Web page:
Justice secretary Liz Truss said the independence of the judiciary was the "foundation upon which our rule of law is built" after attacks on the legal system following the High Court's ruling on Article 50.
However she did not condemn attacks made on the profession from some Conservative MPs and media outlets in the wake of Thursday's ruling.
"Our judiciary is rightly respected the world over for its independence and impartiality," she said.
"In relation to the case heard in the High Court, the Government has made it clear it will appeal to the Supreme Court. Legal process must be followed."
Liz Truss has been appointed justice secretary in Theresa May's new cabinet.
Ms Truss takes up the position formerly held by Michael Gove, who has been sacked from the Cabinet.
Arriving at the Ministry of Justice,Truss said she was "delighted" at being appointed to the role, and asked if she had any plans, she said: "Well, it's early days."
Teachers have been given the "green light" to "get tougher on discipline", an education minister told Daybreak.
Liz Truss said one third of teachers were "not sure" how to discipline children and the Government was supplying teachers with clear guidelines of what punishments could be administered.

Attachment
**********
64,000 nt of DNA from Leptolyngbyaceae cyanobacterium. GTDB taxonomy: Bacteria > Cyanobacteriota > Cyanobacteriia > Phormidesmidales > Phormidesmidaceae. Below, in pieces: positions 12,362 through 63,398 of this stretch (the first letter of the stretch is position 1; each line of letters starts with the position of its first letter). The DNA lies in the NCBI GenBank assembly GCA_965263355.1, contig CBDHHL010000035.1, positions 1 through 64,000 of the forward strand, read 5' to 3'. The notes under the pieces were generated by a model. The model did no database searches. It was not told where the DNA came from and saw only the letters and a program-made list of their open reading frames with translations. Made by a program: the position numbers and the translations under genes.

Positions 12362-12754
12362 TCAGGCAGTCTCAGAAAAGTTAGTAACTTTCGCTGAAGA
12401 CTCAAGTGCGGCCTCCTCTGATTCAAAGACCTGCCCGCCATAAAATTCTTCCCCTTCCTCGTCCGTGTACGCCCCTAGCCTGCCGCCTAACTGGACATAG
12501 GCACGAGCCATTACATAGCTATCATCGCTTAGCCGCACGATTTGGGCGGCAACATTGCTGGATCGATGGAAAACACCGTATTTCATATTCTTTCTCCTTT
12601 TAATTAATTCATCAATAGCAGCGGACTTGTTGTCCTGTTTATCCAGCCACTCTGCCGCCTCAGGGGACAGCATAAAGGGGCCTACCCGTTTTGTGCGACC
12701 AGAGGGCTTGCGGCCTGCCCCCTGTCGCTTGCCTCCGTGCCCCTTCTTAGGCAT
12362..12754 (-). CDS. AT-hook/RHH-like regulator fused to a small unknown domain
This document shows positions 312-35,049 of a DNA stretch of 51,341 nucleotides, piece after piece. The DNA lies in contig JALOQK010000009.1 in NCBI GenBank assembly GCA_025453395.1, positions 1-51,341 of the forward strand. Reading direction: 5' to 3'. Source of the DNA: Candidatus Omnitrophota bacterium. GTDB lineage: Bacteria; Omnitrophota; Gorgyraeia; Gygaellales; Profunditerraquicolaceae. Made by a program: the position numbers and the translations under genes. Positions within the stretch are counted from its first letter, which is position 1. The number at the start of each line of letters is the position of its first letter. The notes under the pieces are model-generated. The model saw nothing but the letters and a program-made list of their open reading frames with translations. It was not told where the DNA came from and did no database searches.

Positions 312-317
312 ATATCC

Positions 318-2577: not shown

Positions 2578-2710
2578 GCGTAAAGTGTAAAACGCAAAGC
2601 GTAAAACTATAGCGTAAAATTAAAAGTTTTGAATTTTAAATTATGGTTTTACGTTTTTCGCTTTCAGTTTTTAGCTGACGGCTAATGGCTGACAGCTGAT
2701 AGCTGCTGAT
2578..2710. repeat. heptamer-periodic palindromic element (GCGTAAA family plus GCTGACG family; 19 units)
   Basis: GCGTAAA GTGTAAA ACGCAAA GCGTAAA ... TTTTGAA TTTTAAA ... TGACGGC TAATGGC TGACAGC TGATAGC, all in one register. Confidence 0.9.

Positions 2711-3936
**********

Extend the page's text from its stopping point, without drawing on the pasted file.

Education minister Liz Truss has called for a shift in attitude towards seeing childcare as a profession that requires training.
She said: "It is a very demanding job that requires great and specialist expertise. I am not trained to do the job. I'm a politician, not an early educator. And I'm equally sure I could not walk into a class of 30 14-year-olds and teach them German."
Education minister Liz Truss has defended her plans to raise the qualifications and pay of carers for young children in England. She told Daybreak that childcare should not be seen as "babysitting".
The education minister Liz Truss has responded to questions on Twitter saying that England pays carers some of the lowest wages in Europe, and has among the lowest qualification thresholds.
She also responded to suggestions that very young children need "love" rather than education.
Nurseries and childminders will be allowed to look after more children as part of coalition efforts to cut childcare costs.
Education minister Liz Truss will announce today that the ratio of adult to children will be relaxed where the carers' qualifications meet new standards.
Those staff deemed qualified enough will be able to take charge of six two-year-olds rather than four while the ratio for under-ones will go up from three to four.
The changes, which have been criticised as lowering standards, will be brought in alongside reforms that will see higher qualifications required of those caring for pre-schoolers.